The prevalence of nickel allergy, cobalt allergy, and chromium allergy was similar in 356 patch-tested dermatitis patients with THA and in 712 patch-tested dermatitis patients without known THA (). The number of cases was relatively small, which could hide even small differences in the prevalence of metal allergy between cases and controls. However, previous linkage studies with fewer cases have demonstrated inverse associations between contact allergy and prevalent disorders such as diabetes (Engkilde et al. 2006
) and inflammatory bowel disease (Engkilde et al. 2007
). Furthermore, the prevalence of metal allergy in cases and in controls was similar, and was also the same as that of metal allergies registered in patients from private dermatology practice (Thyssen et al. 2009c
). Thus, these findings indicate that THA does not lead to higher prevalences of metal allergy. It is interesting that the prevalence of metal allergy (caused by low prevalences of nickel and cobalt allergy) was statistically significantly lower in 64 patients who were patch-tested after total hip arthroplasty than in 292 patients patch-tested before operation. This finding may be the result of random error. Also, the study sample was very small, which reduces validity. However, it is known that tolerance rather than hypersensitivity may develop in some individuals following systemic exposure to an allergen from e.g. dental braces or drinking water (Van et al. 1991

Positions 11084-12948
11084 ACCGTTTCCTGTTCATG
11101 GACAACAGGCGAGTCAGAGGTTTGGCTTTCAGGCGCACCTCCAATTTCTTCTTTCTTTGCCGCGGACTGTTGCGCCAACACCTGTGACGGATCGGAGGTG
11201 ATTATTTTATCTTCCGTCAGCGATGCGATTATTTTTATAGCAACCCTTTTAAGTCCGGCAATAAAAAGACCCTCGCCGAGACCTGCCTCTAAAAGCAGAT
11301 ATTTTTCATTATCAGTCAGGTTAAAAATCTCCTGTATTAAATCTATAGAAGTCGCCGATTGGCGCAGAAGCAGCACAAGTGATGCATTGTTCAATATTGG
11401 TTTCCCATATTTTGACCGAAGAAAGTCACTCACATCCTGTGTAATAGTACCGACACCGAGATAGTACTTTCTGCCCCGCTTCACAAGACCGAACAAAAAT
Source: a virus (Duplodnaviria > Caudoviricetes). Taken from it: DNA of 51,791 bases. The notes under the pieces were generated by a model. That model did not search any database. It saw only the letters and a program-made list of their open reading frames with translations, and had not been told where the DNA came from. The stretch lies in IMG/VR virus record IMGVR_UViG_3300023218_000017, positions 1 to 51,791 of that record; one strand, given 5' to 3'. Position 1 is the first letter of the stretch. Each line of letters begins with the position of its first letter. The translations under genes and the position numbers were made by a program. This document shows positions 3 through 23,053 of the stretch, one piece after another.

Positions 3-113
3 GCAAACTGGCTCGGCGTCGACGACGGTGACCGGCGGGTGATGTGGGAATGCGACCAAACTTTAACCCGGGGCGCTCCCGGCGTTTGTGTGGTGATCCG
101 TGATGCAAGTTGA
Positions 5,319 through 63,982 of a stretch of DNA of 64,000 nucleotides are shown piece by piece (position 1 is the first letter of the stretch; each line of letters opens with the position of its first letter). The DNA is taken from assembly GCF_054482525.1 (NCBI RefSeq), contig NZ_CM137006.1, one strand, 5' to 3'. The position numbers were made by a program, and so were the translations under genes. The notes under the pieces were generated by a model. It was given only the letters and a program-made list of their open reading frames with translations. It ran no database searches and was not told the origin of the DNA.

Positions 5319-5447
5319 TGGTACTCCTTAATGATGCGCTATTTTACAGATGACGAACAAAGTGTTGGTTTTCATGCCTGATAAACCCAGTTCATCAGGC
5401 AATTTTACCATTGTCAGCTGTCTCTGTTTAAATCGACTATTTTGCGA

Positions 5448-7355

, Smith-Sivertsen et al. 1999
, Mortz et al. 2002
). Whether or not tolerance could explain the difference between the two groups is unknown. We had no knowledge about the indication for patch-testing; however, the vast majority of patients were patch-tested due to dermatitis and not as a result of surgical complications.
We investigated the overall association between contact allergy to selected metals (nickel, cobalt, and chromium) and total hip arthroplasty but were not able to specifically investigate an association with second-generation metal-on-metal prostheses. We found that the risk of surgical revision was not increased in patch-tested dermatitis patients with metal allergies in comparison to “ordinary” THA patients who were not registered in the patch-test database. Also, we found that the prevalence of metal allergy was not increased in patch-tested dermatitis patients who underwent THA in comparison to patch-tested dermatitis patients who were not operated. When interpreting these results, one should bear in mind that the study method had several limitations, such as small sample size and a case-control study design. Furthermore, although the overall prevalence appeared to be similar between the study groups, delayed-type hypersensitivity reactions would undoubtedly develop following exposure to metal implants in a few selected individuals (Davies et al. 2005
, Willert et al. 2005
). Furthermore, two prospective studies have found an increased incidence of metal allergy in patients with failed implants (Hallab et al. 2001
, Thomas et al. 2009
) whereas 2 prospective studies with unselected groups did not find any increase in allergy (Duchna et al. 1998
, Schuh et al. 2008
). Despite some important limitations of our study design, our findings add to the evidence that the risk of complications in metal allergic patients appears limited.